To avoid system errors, if Chrome is your preferred browser, please update to the latest version of Chrome (81 or higher) or use an alternative browser.
Click here to login if you're an NAE Member
Recover Your Account Information
Download File (mp3)
Please upgrade to a newer browser.
Anchor Lede: Casts immobilize broken limbs while they heal, but there’s usually collateral damage to healthy muscle that’s weakened by also being forced to sit idle.
Randy Atkins: An experimental cast would be custom-fitted in puzzle-like pieces held together by locking devices that doctors could detach at various stages of healing and…
Kelly Anderson: …by choosing which pieces they want to remove can allow your bones to stay immobilized as desired but let your muscles move in certain directions.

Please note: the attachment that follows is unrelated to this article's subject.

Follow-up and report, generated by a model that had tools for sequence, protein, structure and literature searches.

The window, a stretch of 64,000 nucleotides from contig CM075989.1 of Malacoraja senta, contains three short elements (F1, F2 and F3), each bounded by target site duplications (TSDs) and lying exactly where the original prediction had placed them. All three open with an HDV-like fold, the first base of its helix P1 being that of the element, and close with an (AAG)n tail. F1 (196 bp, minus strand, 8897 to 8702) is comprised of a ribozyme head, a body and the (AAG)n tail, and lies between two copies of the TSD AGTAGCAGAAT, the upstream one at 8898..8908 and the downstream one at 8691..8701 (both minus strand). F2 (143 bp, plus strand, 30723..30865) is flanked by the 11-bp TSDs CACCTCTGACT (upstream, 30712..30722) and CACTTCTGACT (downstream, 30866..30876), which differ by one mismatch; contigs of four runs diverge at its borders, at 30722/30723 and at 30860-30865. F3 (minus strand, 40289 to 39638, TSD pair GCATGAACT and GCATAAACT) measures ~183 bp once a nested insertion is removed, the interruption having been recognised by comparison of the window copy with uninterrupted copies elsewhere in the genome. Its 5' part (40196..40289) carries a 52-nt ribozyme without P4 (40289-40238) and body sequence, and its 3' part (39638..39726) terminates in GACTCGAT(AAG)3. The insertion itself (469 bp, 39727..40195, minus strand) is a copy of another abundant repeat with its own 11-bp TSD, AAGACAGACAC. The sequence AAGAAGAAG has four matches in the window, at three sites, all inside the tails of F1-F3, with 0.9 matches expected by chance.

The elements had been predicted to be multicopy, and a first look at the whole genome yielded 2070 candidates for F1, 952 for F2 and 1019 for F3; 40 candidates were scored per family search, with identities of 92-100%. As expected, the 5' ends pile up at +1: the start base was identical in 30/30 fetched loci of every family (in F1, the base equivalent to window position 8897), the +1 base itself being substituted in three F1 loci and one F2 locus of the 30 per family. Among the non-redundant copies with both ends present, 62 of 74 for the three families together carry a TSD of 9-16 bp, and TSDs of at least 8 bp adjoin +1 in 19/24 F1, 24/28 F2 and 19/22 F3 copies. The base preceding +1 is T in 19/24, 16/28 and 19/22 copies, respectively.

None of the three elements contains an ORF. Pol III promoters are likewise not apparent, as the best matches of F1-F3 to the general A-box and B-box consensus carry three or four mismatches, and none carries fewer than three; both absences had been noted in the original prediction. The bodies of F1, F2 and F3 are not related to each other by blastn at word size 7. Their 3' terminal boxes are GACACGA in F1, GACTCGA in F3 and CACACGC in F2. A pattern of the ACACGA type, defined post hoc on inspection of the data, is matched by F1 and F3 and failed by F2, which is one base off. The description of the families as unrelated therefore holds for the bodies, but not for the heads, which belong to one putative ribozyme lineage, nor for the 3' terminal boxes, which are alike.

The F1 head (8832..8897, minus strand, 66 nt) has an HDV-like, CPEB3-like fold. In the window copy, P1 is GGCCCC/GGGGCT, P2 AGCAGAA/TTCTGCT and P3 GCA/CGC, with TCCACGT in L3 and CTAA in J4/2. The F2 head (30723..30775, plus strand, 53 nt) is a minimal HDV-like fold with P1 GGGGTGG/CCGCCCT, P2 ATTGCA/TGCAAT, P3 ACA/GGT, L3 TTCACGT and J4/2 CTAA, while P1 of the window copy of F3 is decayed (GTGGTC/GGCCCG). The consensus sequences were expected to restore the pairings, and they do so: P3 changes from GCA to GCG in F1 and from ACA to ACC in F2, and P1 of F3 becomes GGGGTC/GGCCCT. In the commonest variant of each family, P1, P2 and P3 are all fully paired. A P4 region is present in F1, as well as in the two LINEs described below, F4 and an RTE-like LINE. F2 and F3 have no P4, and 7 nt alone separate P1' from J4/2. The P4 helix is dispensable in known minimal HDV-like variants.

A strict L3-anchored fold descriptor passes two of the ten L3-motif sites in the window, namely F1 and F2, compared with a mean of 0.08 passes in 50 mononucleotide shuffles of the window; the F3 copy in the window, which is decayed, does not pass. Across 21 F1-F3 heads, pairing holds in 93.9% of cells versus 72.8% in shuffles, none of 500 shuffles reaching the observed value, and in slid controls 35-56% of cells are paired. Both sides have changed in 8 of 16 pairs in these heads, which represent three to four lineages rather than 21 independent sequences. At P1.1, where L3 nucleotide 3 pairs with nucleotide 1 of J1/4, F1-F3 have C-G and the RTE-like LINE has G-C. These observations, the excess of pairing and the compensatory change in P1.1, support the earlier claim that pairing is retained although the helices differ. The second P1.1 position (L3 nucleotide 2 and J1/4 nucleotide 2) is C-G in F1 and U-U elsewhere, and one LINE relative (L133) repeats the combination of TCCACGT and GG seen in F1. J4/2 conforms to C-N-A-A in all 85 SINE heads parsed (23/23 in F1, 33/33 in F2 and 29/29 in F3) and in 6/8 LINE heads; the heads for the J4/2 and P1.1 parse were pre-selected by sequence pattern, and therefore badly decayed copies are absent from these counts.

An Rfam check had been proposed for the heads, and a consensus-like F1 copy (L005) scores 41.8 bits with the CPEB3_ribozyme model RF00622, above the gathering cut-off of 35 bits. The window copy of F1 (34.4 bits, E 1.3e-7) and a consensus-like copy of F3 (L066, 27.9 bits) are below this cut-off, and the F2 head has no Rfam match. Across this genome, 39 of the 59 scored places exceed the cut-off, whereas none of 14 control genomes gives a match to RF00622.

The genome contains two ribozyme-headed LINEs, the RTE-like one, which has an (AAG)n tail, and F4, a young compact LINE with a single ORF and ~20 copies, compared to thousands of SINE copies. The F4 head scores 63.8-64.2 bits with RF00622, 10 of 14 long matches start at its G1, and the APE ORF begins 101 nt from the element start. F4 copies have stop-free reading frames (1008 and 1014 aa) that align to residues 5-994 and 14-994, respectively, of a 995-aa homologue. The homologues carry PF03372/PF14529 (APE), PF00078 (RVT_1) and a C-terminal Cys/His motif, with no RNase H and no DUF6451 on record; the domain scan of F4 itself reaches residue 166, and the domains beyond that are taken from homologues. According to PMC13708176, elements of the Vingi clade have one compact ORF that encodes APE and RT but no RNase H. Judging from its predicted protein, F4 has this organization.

Randy Atkins: Kelly Anderson, a University of Virginia engineering student who co-invented the “PuzzleCast,” hopes this will increase blood flow, reduce soreness, and speed recovery for a wide variety of broken bones.
Kelly Anderson: Fractures have slightly different healing mechanisms and so you can customize it based on the particular type of fracture.
Randy Atkins: Anderson’s team is working with surgeons and physical therapists to perfect PuzzleCast. She says it could be available in a couple years. With the National Academy of Engineering, Randy Atkins, WTOP News.